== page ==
Editorial Board, Sept. 25, 2011, to January 2012
- Scott Stanford, general manager
- Brent Boyer, editor
- Tom Ross, reporter
Contact the editorial board at 970-871-4221 or editor@SteamboatToday.com. Would you like to be a member of the board? Fill out a letter of interest now.
Steamboat Springs At first glance, it’s easy to dismiss last week’s request by some elected officials in Routt County to look at salary increases for their positions.
Taxpayers aren’t likely to have much sympathy for elected officials in this economy. And as Routt County Commissioner Diane Mitsch Bush rightly noted, elected officials “knew what the salaries were when (they) were elected.”
But we want elected officials who are compensated fairly and well enough to attract strong candidates to run for office. In that vein, it’s certainly reasonable to ask whether Routt County should be reclassified by the state for the purpose of paying its elected officials.
It’s important to note that a state legislator would have to seek that reclassification for the county and, if the reclassification occurred, the new salaries would not take effect until the next elected term for any official.
This issue arose when five elected officials appeared before the Routt County Board of Commissioners to initiate a discussion about salaries. The officials included Clerk and Recorder Kay Weinland, Coroner Rob Ryg, Assessor Gary Peterson, Treasurer and Public Trustee Jeanne Whiddon and Sheriff Garrett Wiggins.
As it stands, Routt County is in the third of six categories used by the state for setting salaries. There are 19 counties in that classification, including Grand, Gunnison, Moffat, Montrose and Delta.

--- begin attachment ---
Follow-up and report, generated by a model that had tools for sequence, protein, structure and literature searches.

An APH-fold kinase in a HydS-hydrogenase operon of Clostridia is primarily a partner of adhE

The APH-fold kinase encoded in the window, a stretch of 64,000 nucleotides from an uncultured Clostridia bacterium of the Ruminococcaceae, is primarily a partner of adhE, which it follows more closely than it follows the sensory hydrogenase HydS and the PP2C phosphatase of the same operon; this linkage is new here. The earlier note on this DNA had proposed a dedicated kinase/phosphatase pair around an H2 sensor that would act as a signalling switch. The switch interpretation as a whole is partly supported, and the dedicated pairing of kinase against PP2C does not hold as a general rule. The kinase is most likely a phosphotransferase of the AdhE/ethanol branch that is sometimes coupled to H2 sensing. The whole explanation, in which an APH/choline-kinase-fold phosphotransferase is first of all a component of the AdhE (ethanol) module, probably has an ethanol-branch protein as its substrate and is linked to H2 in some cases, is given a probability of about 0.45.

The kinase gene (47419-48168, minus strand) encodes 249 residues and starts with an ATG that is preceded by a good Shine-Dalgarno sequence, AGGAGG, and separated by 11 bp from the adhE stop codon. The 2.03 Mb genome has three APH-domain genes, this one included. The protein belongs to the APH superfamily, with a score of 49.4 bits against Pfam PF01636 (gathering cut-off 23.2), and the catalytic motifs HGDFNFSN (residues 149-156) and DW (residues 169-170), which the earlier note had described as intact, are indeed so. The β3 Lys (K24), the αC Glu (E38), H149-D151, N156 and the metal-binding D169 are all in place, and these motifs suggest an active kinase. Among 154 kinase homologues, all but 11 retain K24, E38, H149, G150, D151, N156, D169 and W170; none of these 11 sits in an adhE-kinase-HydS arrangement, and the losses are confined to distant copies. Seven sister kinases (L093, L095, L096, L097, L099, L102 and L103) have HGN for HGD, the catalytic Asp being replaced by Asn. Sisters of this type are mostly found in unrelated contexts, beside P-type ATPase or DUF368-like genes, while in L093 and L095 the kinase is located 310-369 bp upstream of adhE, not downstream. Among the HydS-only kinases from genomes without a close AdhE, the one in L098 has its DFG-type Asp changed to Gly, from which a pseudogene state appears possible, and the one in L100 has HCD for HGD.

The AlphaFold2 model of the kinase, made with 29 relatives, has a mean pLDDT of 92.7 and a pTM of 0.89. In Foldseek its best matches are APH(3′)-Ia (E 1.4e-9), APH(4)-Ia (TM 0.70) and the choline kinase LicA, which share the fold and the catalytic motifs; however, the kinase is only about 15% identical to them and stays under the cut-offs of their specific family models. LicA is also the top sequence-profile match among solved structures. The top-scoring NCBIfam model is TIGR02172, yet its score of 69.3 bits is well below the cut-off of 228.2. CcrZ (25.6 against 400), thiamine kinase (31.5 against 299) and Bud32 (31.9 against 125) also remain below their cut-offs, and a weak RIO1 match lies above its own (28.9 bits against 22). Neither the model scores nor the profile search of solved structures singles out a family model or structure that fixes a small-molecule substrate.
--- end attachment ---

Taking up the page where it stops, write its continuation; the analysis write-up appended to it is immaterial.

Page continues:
Moving Routt County up to Category 2 would put it with most of the state’s other ski resorts, which tend to have higher costs of living. The counties in Category 2 include Eagle, Fremont, Garfield, La Plata, Mesa, Pitkin and Summit. Only Pitkin County has a smaller population than Routt; still, it’s not much of a stretch to pay our elected officials comparably to what officials in Aspen, Vail, Breckenridge and Durango are being paid.
A change in classification would mean more than $10,000 per year for most officials. For example, sheriffs in Category 3 earn $76,000 compared with $87,700 in Category 2. County commissioners, the treasurer, the clerk and the assessor would go from $58,500 to $72,500, and the county coroner would go from $33,100 to $44,200.
It would cost the county about $125,000 per year to move up a category.
Elected officials always are taking a risk when they ask for more money, especially when the pay increase won’t take effect until the next election cycle. But setting emotion aside, this is the state’s process. It’s certainly reasonable for elected officials to use that process to seek fair salaries.
We see nothing wrong with the county asking our state legislators to review Routt County’s salary classification. Routt County compares favorably with many of the counties in Category 2. And if reclassification does occur, those who oppose the salary changes have the opportunity to make their voices heard at the ballot box.